7th place finish at the 2012 World Junior Championships

James: Can you describe an average week of training, specifically in terms of key speed and technique based sessions? How does the mix between the two differ at various times of the year?

Brooke: An average week of training during the season consists of two gym sessions, two specific jumping sessions and two speed sessions. For my speed sessions I usually focus on running short distances, anywhere between 30m and 80m, because this keeps my running consistent and sharp. For technical sessions I am generally doing standing jumps, pop ups, short approach jumps, run up work and sandpit drills. In my off-season I will not be doing much jumping at all, incorporating more plyometrics and lengthening my running sessions.

James: With regards strength work in the gym how much emphasis do you put on this? What sort of specific exercises do you incorporate into your training?

Brooke: Over the past year I have only started to consider gym as a high priority. After heading back from World Juniors last year, I thought I would increase my gym to 3 times a week to get strong for the 2012/13 season. My strength and conditioning coach at the Victorian Institute of Sport, Nathan Heaney, has put together a program for me that really focuses on increasing my leg strength and power. I still don’t quite think my body has adapted to the strength work I have been doing, but I have definitely seen a vast improvement in my lifting of weights since I started.

James: How important is endurance for a long jumper? What sort of aerobic power speed endurance work do you incorporate into your training? Do you run many 200m and 400m races?

Brooke: I think speed endurance is very important for a long jumper, especially during our off season. Over winter I am usually doing sessions that incorporate 100m/200m reps because they really build up my anaerobic capacity. At the start of the season I ran a few 200m and 400m races which I did find very different to running 35 meters down a long jump runway. I feel these longer races allow me to focus on running consistent and relaxed.

James: What are your favourite and least favourite sessions?

Brooke: My favourite are jump sessions. My least favourite are hill sessions.

James: In addition to your accolades in the long jump you also have a strong background in the triple jump with a PB of 13.34m. What benefits does competing in the triple jump give to a long jumper? Do you see yourself competing in the triple jump over the coming years? How do the training requirements for it differ to that of the long jump?

Brooke: Long jump and triple jump are very similar in many aspects and usually when I’m long jumping well, I find I am triple jumping well also. I never really trained for triple jump seriously because I found it put a lot of stress on my body. I just used it as an event where I didn’t have any pressure on me and I could simply have fun with it. My PB of 13.34m was very unexpected because I hadn’t done much triple jump training at all leading into that completion. I would love to get back into triple jump within the next couple of years because its one of the events that I really enjoy and I feel I have so much more to give.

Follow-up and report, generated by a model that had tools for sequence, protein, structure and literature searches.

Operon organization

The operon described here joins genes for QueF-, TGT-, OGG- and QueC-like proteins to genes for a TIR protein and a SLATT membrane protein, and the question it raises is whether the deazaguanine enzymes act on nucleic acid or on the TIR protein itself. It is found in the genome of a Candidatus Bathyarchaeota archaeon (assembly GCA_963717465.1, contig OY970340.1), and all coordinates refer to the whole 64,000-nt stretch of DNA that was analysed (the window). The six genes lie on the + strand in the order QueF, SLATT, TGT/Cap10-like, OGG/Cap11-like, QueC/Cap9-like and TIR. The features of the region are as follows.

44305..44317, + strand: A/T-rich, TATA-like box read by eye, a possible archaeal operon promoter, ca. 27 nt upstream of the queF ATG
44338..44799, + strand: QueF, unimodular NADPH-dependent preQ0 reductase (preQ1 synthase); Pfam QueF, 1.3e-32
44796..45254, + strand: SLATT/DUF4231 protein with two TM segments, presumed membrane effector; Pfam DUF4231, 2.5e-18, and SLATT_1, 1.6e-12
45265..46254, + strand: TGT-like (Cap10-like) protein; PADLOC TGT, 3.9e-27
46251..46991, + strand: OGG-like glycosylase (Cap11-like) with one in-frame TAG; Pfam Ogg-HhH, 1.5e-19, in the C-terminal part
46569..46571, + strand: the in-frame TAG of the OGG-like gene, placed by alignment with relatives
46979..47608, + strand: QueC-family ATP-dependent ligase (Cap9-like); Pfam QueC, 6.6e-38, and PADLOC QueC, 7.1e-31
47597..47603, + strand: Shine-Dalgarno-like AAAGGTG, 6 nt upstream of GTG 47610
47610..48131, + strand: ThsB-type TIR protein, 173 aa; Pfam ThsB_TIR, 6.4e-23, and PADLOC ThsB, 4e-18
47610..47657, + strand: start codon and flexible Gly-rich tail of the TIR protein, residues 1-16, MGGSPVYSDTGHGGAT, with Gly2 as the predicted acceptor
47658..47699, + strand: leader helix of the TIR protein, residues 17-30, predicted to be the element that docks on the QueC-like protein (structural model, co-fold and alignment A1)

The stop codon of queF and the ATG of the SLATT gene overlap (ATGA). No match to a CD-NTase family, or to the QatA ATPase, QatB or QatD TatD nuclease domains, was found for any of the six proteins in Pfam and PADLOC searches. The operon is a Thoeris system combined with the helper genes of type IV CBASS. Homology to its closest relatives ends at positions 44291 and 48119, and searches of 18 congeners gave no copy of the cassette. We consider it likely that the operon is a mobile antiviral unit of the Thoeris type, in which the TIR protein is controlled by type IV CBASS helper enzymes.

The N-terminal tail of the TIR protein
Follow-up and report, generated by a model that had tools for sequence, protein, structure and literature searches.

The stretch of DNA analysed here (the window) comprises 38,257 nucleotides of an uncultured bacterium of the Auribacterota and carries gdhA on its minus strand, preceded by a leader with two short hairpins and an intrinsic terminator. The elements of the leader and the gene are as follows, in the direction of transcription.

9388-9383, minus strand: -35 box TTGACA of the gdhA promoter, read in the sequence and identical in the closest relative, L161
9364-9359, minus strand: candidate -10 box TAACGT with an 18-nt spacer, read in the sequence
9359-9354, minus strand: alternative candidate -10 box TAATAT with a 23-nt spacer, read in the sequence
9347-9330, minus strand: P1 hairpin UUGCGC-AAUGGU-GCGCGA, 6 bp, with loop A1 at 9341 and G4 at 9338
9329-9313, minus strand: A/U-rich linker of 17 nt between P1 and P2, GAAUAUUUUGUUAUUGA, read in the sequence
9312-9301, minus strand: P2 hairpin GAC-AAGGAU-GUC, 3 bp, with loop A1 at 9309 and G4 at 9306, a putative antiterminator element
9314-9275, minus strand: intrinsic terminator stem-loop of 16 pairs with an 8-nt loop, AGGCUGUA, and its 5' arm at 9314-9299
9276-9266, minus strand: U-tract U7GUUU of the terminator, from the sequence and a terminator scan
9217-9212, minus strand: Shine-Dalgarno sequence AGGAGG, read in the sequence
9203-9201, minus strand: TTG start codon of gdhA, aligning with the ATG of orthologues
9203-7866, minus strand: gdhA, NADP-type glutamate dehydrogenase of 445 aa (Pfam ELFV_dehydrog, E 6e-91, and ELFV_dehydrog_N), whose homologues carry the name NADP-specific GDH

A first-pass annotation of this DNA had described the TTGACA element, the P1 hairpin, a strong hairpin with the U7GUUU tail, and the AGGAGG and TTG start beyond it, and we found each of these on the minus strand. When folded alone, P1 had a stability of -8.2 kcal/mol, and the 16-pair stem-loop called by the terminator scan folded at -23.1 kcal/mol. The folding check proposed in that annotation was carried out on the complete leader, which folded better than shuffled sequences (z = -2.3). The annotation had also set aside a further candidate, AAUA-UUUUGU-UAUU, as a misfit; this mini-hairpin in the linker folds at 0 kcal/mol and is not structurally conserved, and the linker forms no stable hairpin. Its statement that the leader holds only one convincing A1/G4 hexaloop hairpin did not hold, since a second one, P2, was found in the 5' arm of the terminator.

James: You are on a scholarship with the Victorian Institute of Sport. How important is this with regards the development of your athletics career?

Brooke: The Victorian Institute of Sport have been such an enormous help towards developing and guiding me as an athlete. With such great facilities I find it a huge advantage to be doing my gym sessions with a very experienced strength and conditioning coach, Nathan Heaney. It is also very helpful having access to the doctors, physios, nutritionist, psychologists etc. when in need.

James: You compete regularly in the AV Shield, Victoria’s primary inter-club competition, which caters for every athlete regardless of age or standard. How important has this competition been with regards broadening the appeal of track and field and getting more of the average Joes involved in the sport? Going forward, how can this appeal be increased?

Brooke: I believe it is important for elite athletes to get involved within their club competitions because it helps promotes the sport by getting more people down to support and more people getting involved. The AV shield does not get many international athletes competing week in week out which I feel hinders the turn out. With the appearances of more elite athletes, it is automatically going to attract more people to the sport. When I was younger I use to love going to interclub and seeing elite athletes such as Tamsyn Lewis (Manou) competing regularly.

Brooke Stratton

James: You are known for your jumping prowess, but you have also regularly tried your hand in other events such as hurdles, javelin, shot and discus at inter-club level. What is the thought process behind competing in multiple events?

Brooke: This year at interclub I thought I would have some fun before the season got serious and compete in some events I wouldn’t usually take part in. At the end of the day, I am only 19 years old and I find doing multiple events makes athletics more enjoyable.

James: Some people believe that Usain Bolt could become a world class long jumper despite the fact he has no background in the event. Do you believe it is realistic for somebody to be able to take up such a technical event from scratch and compete at the highest level, regardless of how fast that person is over 100 metres?

Brooke: I believe having speed is a huge advantage for anyone looking to take up long jump. You don’t see many elite long jumpers jump a long way without having the speed behind them to carry them through the air. With me, I notice a huge difference in my performance when my speed is good and when my speed isn’t so good. With regards Usain Bolt and the outrageous speed he could develop down the runway, I believe he would jump a long way, even without a great technique.

James: When not competing, do you enjoy watching athletics? What current athlete do you like watching the most?

Brooke: I absolutely love watching athletics. I am so passionate about the sport that even if it’s just watching the sport I get a lot of enjoyment out of it. At the moment, I love watching Fabrice Lapierre in the long jump. He is such a talented athlete and the amount of spring he gets off the board is incredible.

James: That’s great Brooke. Thank you for your time and the very best of luck for the rest of 2013 and beyond.

Brooke: Thank you very much :)